The St. John's IceCaps have won other one-goal games in these American Hockey League playoffs.
But not like this one.
With 6,287 fans on their feet and in full voice — Mile One Centre has never been this loud for a hockey contest — the IceCaps hung on for a 3-2 win over the Wilkes-Barre/Scranton Penguins Saturday night in a seventh and deciding game of their Eastern Conference final.
With the victory, St. John's moves on to face the AHL regular-season champion Norfolk Admirals in the conference final, beginning Thursday in Norfolk, Va.
Game 2 will be played in Norfolk next Saturday before the series switches to St. John's for three games on Monday, May 21, Tuesday, May 22 and Saturday, May 26. The lengthy break between Games 4 and 5 is because Mile One is booked for two nights for concerts by Hedley. Should the series go further, Games 6 and 7 would be back in southeastern Virginia on May 29 and 30.
IceCaps head coach Keith McCambridge is counting on the lessons learned in the Penguins series — and particularly Saturday — to serve a purpose against the Admirals.
"You have to learn to manage pucks. You have to know where you are in games, where the momemntum is and make them come the full lentgh of the ice and work for their chances," said McCambridge.
"I thought we did a really good job ... at key moments of the game when they started to get momentum to seize things, shut it down and get (the puck) back down in their end."
But to defend a lead the IceCaps first had to have a lead.
First star Aaron Gagnon scored twice for St. John's Saturday, including what would stand as the game-winning goal 53 seconds into the third period. Ray Sawada, with a game-opening first-period tally, had the other goal for the IceCaps, who were using their third and final chance to close out the Penguins and the series.
St. John's had three games-to-one lead, but Wilkes-Barre forced Saturday's ultimate match with a 3-2 double overtime win Tuesday at home and 4-2 victory Friday at Mile One.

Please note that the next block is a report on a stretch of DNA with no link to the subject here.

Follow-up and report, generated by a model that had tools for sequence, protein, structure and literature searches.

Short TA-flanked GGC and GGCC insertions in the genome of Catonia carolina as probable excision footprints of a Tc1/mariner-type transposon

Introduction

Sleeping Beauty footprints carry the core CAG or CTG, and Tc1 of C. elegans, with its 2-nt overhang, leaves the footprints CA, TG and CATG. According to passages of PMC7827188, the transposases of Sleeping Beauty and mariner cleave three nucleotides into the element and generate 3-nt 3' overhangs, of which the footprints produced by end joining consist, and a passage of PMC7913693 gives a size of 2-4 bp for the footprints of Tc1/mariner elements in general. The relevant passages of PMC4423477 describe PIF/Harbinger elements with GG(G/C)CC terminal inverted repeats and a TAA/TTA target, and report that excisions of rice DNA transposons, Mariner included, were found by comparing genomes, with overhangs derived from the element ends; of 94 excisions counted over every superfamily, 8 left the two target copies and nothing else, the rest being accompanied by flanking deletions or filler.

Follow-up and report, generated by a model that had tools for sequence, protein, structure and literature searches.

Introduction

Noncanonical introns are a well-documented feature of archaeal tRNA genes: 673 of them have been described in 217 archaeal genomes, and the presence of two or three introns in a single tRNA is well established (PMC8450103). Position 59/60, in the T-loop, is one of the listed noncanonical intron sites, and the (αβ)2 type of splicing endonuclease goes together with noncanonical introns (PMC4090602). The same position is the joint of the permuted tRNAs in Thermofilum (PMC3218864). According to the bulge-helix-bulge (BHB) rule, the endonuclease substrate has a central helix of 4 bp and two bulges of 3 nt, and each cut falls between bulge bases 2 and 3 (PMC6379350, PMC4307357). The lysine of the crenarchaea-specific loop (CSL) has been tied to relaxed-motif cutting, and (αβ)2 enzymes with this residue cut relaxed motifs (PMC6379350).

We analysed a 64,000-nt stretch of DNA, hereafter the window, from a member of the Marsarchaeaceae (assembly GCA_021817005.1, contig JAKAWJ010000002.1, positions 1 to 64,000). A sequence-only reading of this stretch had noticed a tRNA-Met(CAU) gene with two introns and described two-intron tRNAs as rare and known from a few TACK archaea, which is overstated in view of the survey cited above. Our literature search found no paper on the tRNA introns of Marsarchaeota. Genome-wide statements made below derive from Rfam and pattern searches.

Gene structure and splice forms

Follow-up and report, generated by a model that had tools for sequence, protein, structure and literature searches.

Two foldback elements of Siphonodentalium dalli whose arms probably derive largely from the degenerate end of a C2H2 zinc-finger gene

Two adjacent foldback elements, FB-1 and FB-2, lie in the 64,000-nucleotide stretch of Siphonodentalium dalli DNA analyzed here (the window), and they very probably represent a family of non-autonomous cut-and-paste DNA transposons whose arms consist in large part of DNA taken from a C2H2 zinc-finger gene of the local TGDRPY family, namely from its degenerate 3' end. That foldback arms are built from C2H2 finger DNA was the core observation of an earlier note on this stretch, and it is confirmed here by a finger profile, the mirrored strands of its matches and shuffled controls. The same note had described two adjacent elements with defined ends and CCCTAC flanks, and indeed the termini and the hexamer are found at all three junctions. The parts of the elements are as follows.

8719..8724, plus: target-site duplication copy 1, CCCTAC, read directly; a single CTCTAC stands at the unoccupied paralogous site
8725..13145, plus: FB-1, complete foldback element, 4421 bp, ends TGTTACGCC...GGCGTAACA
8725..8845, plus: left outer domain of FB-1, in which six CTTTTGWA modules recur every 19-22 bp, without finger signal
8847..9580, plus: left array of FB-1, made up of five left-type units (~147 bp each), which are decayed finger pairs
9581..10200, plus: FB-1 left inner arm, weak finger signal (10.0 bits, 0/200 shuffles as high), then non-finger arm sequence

Gagnon's tallies were an example of the IceCaps' resolve on Saturday. Early in the second period, he had been denied by Thiessen stop on a breakaway and again on a 20-foot shot at the end of an odd-man rush. Add those to Gagnon's failure to score on a shorthanded break at a crucial point of Friday's loss and you might have been left with a player neutralized by frustration.
But the 26-year-old British Columbia native wouldn't succumb.
"I had so many good chances — breakaways, two-on-ones — I might have started gripping my stick a little too tight, but I kind of let the law of averages take over," said Gagnon, who has five goals, eighth points and a plus-four rating in the playoffs.
"You put enough pucks to the net and sometimes it's the ugly ones that go in."
Ryan Craig and Colin McDonald scored on Saturday for the Penguins, who found themselves trailing for most of the game. Craig's goal on a breakaway 6:43 into the second tied the score at 1-1, but less than five minutes later, with the IceCaps on a power play, Gagnon put the home side back in front, slipping a shot through crease traffic and past Wilkes-Barre goalie Brad Thiessen.
Gagnon's second goal came after he skated behind the Penguins net to the left-hand face circle, spun around and wristed a shot past Thiessen, screened effectively by the IceCaps' Ben Maxwell.
A needless boarding penalty to St. John's centre Patrice Cormier midway through the third led to McDonald's man-advantage marker, but the IceCaps hung on, thanks to some timely saves by Eddie Pasqaule when his team suffered a two-minute case of the giveaways, and a couple of big faceoff wins in the late going, the last one by Maxwell.
In the final minute, the full house was standing as one roaring chorus.
"The only thing you can hear is the crowd going and all you can feel is your heart beating," said Gagnon.
"It's the kind of moment you play for."
That exhilaration of the victors is balanced by the disappointment of the losers. However, the pride may be equal, no matter which side of the score you fall on.
"It was a great effort and I'm really proud of the fact we went in and we battled and we went down swinging," said Wilkes-Barre head coach John Hynes. "We really felt we worked for it and fought until the end. We were one goal worse than them."
Given that assessment, you could pick any of the three St. John's goals as the difference-maker Saturday, but given that Sawada and linemates John Albert and Garth Murray are best known as a gritty, energy-expending shutdown group, Sawada's goal and the overall offensive atttude of the unit in Game 7 might be seen as having provided the IceCaps with an edge.
"We were pretty upset about being on the ice for the winning goal (Friday) so it was pretty important for us to come out and have a good game. We probably would have been heartbroken if we didn't," said Murray.
"I saw Alby (Albert) after the game last night. He saw me. We just sat down beside each other and didn't say I word. Some things you just know. Then you go out and do."